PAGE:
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The Sandman: Endless Nights (The Sandman #12)

4.32 of 5 stars 4.32  ·  rating details  ·  16,654 ratings  ·  417 reviews
'The Sandman' is a series of award-winning graphic novels. It blends modern myth and dark fantasy, in which historical drama, contemporary fiction and legend are interwoven.
Paperback, 160 pages
Published September 1st 2004 by Vertigo (first published 2003)
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Community Reviews

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4.5 stars!

After reading almost all of Neil Gaiman’s fantastic run on the “Sandman” series (to the point where I called the year 2012 “The Year of the Sandman” since I had spent the year reading the Sandman comics), I wanted to read Neil Gaiman’s latest story on the “Sandman” series, “The Sandman: Endless Nights,” even though The Sandman, Vol. 10: The Wake was actually considered the final story arc in the “Sandman” series. “The Sandman: Endless Nights,” which is also a Bram Stoker Award winner
Singer-songwriter Fish has a line about returning to your past. When asked, as he often is at concerts, to play one of the seminal songs from his former band Marillion, he responds, "I'm not playing fucking Grendel!" His point is that to try and relive the past like that would make no sense--he can't sing it the way he used to, the meaning's not there. It would be nostalgic at best, off-key at worst. Trying to relive something you did years ago and have moved on from is not the best plan.

Which b
Endless Nights was written years after the Sandman series ended - Gaiman returns his characters and provides a story for each of the 7 Endless.

I liked some stories better than others, and for the first time, I think my 4th star in my rating for this book is solely because of the artwork. It's a little more interesting and experimental than what was in the rest of the series - Despair's and Delerium's stories are really noteable in this aspect. While their stories weren't my favorite (my beloved
Airiz C
Endless Nights is a sevenfold compilation of stories featuring each of the Endless, set in various times ranging from when the solar system is not yet a system in itself to the period after Lord Morpheus’ downfall. I enjoyed it for the most part, but some tales didn’t quite quench my thirst for a satisfying treat concomitant to the phenomenal ten-volume series.

SPOILERS ABOUND. The first installment, “Death and Venice,” is divided into two narratives: one about a kingdom in Venice whose duke made
Endless Nights is a mixed bag of very good and so-so in the world of the Sandman. Each chapter chronicles a tale of the mythic figures, focusing on each in the past, present and future timeline the overall series worked to establish for the better part of nine years. Up first is Death, and despite being one of the more popular characters in the series, her tale here is a bit meddling. There are two stories running parallel to one another that do end up at the same place, but Death herself isn't ...more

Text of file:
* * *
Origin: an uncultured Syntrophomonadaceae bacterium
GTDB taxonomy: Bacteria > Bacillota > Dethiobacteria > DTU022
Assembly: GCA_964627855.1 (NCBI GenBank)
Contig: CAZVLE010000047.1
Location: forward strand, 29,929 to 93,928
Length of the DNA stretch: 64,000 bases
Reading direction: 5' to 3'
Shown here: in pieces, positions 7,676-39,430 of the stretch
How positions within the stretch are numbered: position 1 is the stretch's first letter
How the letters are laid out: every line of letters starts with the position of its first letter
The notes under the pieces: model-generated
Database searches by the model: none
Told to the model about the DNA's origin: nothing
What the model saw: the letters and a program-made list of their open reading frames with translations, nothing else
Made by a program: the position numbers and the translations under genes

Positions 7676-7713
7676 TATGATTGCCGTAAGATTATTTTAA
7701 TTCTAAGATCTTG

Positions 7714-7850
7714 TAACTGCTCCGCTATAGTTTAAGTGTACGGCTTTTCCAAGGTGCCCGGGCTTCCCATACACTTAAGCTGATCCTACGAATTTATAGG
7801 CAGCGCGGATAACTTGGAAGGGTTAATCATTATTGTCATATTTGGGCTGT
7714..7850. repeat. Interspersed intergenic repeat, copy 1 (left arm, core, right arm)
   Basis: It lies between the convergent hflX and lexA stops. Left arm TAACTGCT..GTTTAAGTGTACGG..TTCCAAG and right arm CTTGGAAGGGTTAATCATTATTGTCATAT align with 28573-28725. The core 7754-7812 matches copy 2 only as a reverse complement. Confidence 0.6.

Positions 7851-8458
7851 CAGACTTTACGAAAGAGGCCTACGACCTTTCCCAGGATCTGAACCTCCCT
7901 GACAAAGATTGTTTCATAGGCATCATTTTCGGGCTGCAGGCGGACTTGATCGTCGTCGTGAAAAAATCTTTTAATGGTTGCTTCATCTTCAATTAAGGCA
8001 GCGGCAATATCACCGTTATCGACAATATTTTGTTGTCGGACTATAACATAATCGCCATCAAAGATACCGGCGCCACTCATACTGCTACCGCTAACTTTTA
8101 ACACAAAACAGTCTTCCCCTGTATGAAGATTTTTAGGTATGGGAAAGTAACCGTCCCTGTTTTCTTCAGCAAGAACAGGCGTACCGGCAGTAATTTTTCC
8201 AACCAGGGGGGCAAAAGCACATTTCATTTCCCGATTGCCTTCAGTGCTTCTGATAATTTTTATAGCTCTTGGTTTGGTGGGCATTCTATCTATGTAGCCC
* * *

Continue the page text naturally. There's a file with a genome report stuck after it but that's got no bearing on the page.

Neuveritelne krasna sbirka povidek s famoznim ceskym prekladem.
Terima kasih banyak untuk kebaikan Qui (nama panggilan dari seseorang ber-nickname
Δx Δp ≥ ½ ħ (don't ask, real name unknown)) karena telah menyempatkan diri meng-email kisah Endless Nights ini. Thanks, bro :).

Endless Nights adalah komik pelengkap kisah The Sandman, yang, officially, berakhir di komplikasi nomor 11 (The Wake). Masih dengan Neil Gaiman sebagai penulis ceritanya, Endless Nights berisikan tujuh chapter, dibagikan pas untuk setiap anggota kel
I never really got into Sandman. I mean, Gaiman is a fantastic writer (though it's just been in the last couple years that I read some of his stuff), and even though I've been into comics a long time, Sandman just wasn't something I read. I tried the first couple collected volumes a while back, and didn't think they lived up to the hype, so I just quit.

But I probably should have stuck with it. I just finished Endless Nights, and I really, really liked it. At worst, they were weird and intriguin
John Kirk
There are some interesting trivia points in here, e.g. seeing the first incarnation of Despair. However, there was nothing that really stuck with me after I'd read it.

The artists are well chosen for each story. In particular, I've often found Bill Sienkiewicz's artwork unclear, so I didn't like the Spider-Man stories that he drew, but he's a good fit for Delirium's story. Similarly, Frank Quitely seems to have trouble with feet: when he drew The Authority, all the characters looked like apes. Ho
Drown Hollum
I finished reading Sandman many years ago, but something kept me away from Endless Nights. When the new edition came out and was promptly put right back in my face as a glaring gap in my collection, I decided to finally let the story end and read it.

Endless Nights is a collection of seven short stories, each of which explores the world of each of the endless. Art duties are preformed by a different artist in each chapter, creating a unique tone for each of the narratives. Every tale adds to the